Several other studies support this concept. I recently wrote here about how strength can be improved in older men to levels similar to men half their age with proper training in 12 weeks. Other studies have seen that people can retain 100% of their muscle mass and strength from age 40 through their 80s with exercise! (Wrobelski, A. et al. The Phys and Sports Med, Sept 2011)
Countless studies show how exercise plays a dramatic role in reducing morbidity. One particular study looked examined lifestyle habits of older adults who lived passed 85 and had no disability prior to death. The most significant variable associated with living without disability was level of physical activity after 65. Those who were physically active had a two-fold increased likelihood of dying without a disability. (Levielle, et al. Am. J. Epidemiol. (1999) 149 (7): 654-664)
What about those we are already very frail and deconditioned? Are they “too far gone” to reap the benefits reported on exercise to reduce disability? I sadly come across the perception held by many patients and worse by clinicians that the most frail elderly are not capable of benefiting from exercise interventions to reduce disability. Good thing there’s research to lend some insight. Researchers from Tufts showed that not only did frail older adults benefit from exercise, they actually benefited the most! They had higher improvements in strength and function. Guess what type of exercise yielded these results? That’s right – high intensity resistance training. (Fiatarone, MA, et al. N Engl J Med 1994; 330:1769-1775)
Clearly, reducing morbidity is possible and should be a major emphasis for health care policy and how we elect to take care of ourselves. It is something that we should focus on whether we are young and in shape or older and deconditioned.
How do we do this?
Enhancing strength is the simplest route to reducing morbidity. Strength has been linked to mortality in older adults. It is the most important variable in reducing falls, preventing sarcopenia (loss of muscle mass), preventing osteoporosis – all conditions that plague us as we age and contribute to mortality. Resistance training has shown to be a vital treatment for preventing and managing osteoarthritis, improves glucose metabolism (the basis of type 2 diabetes), and reduces the risk or heart disease. As the most effective exercise for fat loss, it helps in managing obesity. It is the primary or one of the most effective treatments for addressing the most common causes of death (CAD, stroke, obesity) or morbidity (falls, sarcopenia, osteoporosis), especially in older adults. And considering it’s role in pain management and improving mood, it should be clear that resistance training is especially important if adding life to years is something you are interested in. If there is one thing to do to improve the quality of life as we age, strength training would be it.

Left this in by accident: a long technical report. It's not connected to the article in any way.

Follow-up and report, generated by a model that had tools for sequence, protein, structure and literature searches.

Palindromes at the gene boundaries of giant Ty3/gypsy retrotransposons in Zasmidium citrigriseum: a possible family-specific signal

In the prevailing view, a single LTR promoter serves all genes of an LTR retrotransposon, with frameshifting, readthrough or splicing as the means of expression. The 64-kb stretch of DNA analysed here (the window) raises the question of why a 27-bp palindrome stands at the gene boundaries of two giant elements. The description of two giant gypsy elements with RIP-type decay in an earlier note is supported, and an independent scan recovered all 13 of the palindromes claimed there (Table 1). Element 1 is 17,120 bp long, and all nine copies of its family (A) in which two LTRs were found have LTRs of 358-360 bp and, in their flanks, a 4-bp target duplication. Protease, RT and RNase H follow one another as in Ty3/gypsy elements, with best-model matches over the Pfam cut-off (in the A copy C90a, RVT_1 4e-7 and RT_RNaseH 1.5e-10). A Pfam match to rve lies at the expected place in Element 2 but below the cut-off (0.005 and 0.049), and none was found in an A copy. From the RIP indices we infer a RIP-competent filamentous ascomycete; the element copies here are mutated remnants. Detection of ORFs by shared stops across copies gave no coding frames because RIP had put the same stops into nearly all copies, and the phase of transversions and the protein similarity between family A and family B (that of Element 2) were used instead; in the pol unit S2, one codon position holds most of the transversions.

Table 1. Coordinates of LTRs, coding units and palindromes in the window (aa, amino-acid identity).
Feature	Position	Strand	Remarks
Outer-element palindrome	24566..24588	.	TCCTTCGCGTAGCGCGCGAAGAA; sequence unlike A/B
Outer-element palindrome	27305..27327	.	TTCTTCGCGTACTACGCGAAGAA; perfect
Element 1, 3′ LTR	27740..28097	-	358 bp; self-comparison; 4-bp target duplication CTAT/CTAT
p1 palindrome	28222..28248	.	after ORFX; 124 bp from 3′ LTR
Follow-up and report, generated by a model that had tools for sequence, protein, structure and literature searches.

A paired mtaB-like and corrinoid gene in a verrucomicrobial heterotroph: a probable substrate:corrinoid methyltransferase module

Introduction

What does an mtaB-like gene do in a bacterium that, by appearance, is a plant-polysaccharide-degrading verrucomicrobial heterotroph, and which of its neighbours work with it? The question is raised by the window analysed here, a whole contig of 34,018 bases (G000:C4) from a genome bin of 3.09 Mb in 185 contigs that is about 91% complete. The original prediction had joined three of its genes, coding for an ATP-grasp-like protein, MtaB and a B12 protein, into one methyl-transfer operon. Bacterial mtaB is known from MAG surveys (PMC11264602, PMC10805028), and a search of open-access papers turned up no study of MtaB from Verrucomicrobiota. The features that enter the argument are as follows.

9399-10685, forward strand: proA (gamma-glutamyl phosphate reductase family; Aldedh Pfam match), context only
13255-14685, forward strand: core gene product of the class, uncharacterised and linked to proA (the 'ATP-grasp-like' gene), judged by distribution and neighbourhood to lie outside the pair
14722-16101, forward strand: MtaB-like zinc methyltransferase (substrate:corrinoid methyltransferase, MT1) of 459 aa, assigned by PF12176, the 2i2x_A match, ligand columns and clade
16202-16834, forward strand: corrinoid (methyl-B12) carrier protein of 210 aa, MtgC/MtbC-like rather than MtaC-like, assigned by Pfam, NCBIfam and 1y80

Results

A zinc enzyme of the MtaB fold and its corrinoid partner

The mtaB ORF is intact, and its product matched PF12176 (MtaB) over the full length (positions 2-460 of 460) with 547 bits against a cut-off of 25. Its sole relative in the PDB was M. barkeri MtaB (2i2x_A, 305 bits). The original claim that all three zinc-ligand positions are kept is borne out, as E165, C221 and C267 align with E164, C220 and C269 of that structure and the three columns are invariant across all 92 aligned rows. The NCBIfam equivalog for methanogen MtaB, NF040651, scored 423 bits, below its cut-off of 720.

Unfortunately, many people are unaware as to what strength training is. Some assume that doing dumbbell curls, balancing on a swiss ball, or doing leg extensions at the gym constitutes and effective strength training program. Many are confused about how much weight, how many sets and repetitions, how many exercises, etc are best. Others have no idea how to do their program safely and effectively. It usually boils down to two issues:
- how to design a proper program (ie the dosage: what to do, how much, when, etc) and
- instruction (how to do it, providing cueing and feedback, etc).
Everyone needs help with these two issues, from professional athletes to the morbidly deconditioned and everyone in between. Some need less than others, but they will all need assessment, program design, instruction, and accountability. And that is exactly what we do at Spectrum. I am passionate about making sure people realize this so they receive the proven benefits a proper program can provide them.
If you want to see some videos of some of our older clients showing some examples what proper strength training looks like, check this out.
Long Live The Anti-Morbidity Movement!
It seems to make more sense to focus on a proven strategy that is right under our nose to dramatically improve our quality of life, rather that hold out for hope that someone will be able to defy the cellular mechanism of aging. Although researchers seems to have found that aging occurs because cells begin to die faster than they can regenerate ( cell senescence), no one has determined how or if that can be changed. I’m sure the riddle will involve a relation between lifestyle variables amongst other things having an impact on the cellular mechanisms of aging.
In the meantime, it seems dangerous to ignore the tenant of the compression of morbidity. Ask anyone who is near the end of the life span – they will tell you the same.